Cryptocurrencies have been growing in popularity in recent years, but they’re entirely unavoidable in 2021. Bitcoin has been jumping between record peaks and shocking lows, Dogecoin made a bunch of people rich, and Ethereum is powering the rise of NFTs. On the other hand, scammers are also taking advantage of unsuspecting crypto investors with slick scams.
Crypto scams take advantage of Google ads
, hundreds of investors have lost money while trying to download crypto wallets. As the researchers note, MetaMask and Phantom are two of the most popular wallets for Ethereum and Solana, respectively. They both offer browser extensions that make it easy to send and receive cryptocurrency. CPR reports that MetaMask has over 10 million users, so it’s no wonder that scammers have chosen to build an entire phishing scheme around the wallet.
Last weekend, CPR found multiple phishing websites that emulated the sites of popular crypto wallets. For example, the official website of the Phantom wallet is phantom.app. Scammers built websites with similar domains such as phanton.app, phantonn.app, and phantom.pw.
At this point, you may be wondering how anyone ended up on these fake websites in the first place. That’s what makes this scheme so unique. As CPR explains, scammers used Google ad campaigns to make their phishing sites appear in search results. Alarmingly, because they were ads, they showed up before the entries for the legitimate websites they were emulating.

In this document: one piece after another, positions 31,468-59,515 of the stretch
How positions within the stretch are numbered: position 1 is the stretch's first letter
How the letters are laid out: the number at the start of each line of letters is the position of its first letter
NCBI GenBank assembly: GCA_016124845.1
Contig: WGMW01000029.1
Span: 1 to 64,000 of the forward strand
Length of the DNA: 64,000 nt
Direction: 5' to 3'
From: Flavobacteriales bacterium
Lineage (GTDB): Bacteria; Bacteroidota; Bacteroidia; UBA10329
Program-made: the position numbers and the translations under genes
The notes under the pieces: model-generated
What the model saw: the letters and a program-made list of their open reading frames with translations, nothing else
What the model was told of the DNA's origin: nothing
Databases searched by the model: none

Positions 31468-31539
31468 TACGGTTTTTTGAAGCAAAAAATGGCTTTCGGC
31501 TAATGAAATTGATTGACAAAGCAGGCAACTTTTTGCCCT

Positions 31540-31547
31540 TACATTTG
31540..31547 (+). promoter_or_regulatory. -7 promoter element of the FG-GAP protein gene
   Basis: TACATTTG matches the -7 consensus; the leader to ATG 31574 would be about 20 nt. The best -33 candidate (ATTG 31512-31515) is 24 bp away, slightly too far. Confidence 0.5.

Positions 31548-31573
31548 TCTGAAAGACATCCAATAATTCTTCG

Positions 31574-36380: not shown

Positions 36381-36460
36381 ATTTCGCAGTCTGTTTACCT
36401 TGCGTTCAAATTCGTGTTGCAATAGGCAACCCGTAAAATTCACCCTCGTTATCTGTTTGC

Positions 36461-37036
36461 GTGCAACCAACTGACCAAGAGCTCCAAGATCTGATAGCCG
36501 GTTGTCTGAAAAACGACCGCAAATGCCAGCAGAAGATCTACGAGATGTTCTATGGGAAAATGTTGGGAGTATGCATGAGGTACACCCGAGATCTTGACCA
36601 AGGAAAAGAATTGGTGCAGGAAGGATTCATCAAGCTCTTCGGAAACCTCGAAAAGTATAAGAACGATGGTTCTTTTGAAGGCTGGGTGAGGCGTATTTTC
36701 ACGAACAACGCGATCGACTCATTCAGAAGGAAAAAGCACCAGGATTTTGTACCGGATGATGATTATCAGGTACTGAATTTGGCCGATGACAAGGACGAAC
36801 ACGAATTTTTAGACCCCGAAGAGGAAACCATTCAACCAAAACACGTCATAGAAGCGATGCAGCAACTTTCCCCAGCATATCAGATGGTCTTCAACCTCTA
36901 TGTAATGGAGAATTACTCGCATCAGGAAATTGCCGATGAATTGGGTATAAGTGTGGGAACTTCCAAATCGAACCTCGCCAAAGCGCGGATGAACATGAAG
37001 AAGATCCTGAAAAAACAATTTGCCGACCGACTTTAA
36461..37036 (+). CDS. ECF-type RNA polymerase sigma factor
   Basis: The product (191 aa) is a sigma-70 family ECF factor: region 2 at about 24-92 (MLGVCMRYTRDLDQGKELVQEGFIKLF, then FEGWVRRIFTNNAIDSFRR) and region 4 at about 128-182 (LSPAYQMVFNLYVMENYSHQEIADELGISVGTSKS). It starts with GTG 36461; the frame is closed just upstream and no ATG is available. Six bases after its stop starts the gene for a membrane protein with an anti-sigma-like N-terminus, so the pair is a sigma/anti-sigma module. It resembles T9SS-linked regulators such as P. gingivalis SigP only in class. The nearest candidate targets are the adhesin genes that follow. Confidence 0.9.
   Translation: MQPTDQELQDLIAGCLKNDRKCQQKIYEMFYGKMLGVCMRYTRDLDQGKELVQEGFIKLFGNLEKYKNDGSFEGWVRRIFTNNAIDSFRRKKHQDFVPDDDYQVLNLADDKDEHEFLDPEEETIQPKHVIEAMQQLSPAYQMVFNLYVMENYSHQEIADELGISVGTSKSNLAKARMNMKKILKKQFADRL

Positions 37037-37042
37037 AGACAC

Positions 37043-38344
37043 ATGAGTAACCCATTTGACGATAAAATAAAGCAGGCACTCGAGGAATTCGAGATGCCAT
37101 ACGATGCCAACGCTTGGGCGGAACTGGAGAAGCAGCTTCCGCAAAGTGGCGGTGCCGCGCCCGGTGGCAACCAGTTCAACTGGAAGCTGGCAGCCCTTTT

How the scammers steal your cryptocurrency
If you searched for the keyword “phantom,” you might have seen an ad at the top of the results for phanton.app. Clicking through will take you to a page that looks like the actual Phantom wallet’s site. When you start to create a new wallet, the site will generate a secret recovery phrase. In reality, this is the recovery phrase for your scammer’s wallet. Finally, after making a password (which the scammer steals), saving, and continuing, you will be redirected to the real Phantom site.
On the legitimate site, Phantom will ask if you want to add the wallet extension to your Chrome browser. If you choose to do so, and use the phrase from the scammer, you will be logging into their wallet, not yours. If you attempt to transfer any funds, the scammer will steal the money.
Based on CPR’s research, scammers stole over $500,000 worth of cryptocurrency last weekend alone using tricks like these. There are similar phishing sites mocked up to look like MetaMask’s website. You can watch a video of the scam in action below so you know what to watch out for: